Let’s start with forgetting that BIRDS DO NOT LIKE CHANGE!

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Attachment rings may be split. Toes could get caught in some chain or cracked piece of plastic bird toy part. We encourage caged bird keepers to give the toys a quick once over daily and at least once a week look at them and touch them to make sure they do not present a danger to the bird.

The flip side to that is that when I see parts of toys fall off to the bottom of the cage I immediately pick them up so they’ll not get pooped on and add them to any one of her many forging boxes

You can also reattach bird toy parts that have fallen off old and even newer toys with leather thongs, quick links or rope.

Birds need to be upset. They need their world to be rocked.

They need to be handled and restrained on a regular basis. They need to know that a towel is a friend not a threat.

Birds that seems “miserable” are simply disoriented and that’s a good thing. For the bird to take time to reacquaint itself with a new environment puts a load on the thought process reducing birdie boredom.

I agree that the birdcage is a place for privacy for your bird but is not a real home, it is and always will be a jail.

How we arrange our toys in the cage is most important. We must realize the toys in a cage represent the leaves on a tree that the bird is living in if it were in the wild.

We use toys to challenge using forging and enrichment opportunities. We also use toys to have privacy to a bird’s cage.

A personal philosophy is a parrot’s cage should have 10 to 30 toys in the top third of the cage. So many that you can’t see the bird.

Why? Whats in your bedroom? Do you not have window coverings that you pull down or close before you undress and go to sleep? Of course. You want to feel private and secure, so does your bird.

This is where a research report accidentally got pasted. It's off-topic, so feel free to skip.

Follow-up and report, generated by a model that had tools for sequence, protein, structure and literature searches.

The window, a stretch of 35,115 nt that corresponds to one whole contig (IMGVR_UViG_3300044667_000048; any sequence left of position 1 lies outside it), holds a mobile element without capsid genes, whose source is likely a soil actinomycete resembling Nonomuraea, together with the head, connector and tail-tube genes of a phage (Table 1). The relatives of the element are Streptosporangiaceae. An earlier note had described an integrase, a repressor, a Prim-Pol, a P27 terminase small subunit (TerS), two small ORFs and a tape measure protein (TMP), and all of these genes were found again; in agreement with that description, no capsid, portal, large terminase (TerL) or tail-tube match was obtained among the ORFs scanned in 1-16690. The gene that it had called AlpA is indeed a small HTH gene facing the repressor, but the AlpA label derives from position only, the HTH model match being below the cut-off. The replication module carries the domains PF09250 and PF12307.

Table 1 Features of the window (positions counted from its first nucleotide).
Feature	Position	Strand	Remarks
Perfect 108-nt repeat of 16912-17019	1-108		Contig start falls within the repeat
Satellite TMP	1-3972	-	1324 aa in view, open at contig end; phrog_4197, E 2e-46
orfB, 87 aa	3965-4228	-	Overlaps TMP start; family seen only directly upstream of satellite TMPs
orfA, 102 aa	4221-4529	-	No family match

I would advocate that you take the sisal rope perch off the floor so doesn’t get soiled. It is a great perch and that is soft on a birds feet

flexor tendon birds sleep 1 foot 1 Lets start with forgetting that BIRDS DO NOT LIKE CHANGE!

I couldn’t agree more that “They’re intelligent, kind and loving which makes them such a good friend”.

Keep in mind, it is said often that “birds are like an autistic two or three-year-old in a feather suit.”

What you do with a toddler? You read to them, you buy them many toys. You take them places, as they get older you go to zoos and museums.

You don’t leave them at home in a room by their lonesome with nothing to do. If that were to be the case you would be charged with criminal neglect, but we don’t do that with bird owners.

We would also agree the child would exhibit negative behavior when interacting with other human beings.

“Treat your bird as you would a child and all will be good”

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He's handled a 1000 birds of numerous species when they would visit their monthly birdie brunch in the old Portage Park (Chicago, IL) facility. The one with the parrot playground. Mitch has written and published more than 1100 articles on captive bird care. He's met with the majority of  CEO's and business owners for most brands in the pet bird space and does so on a regular basis. He also constantly interacts with avian veterinarians and influencers globally.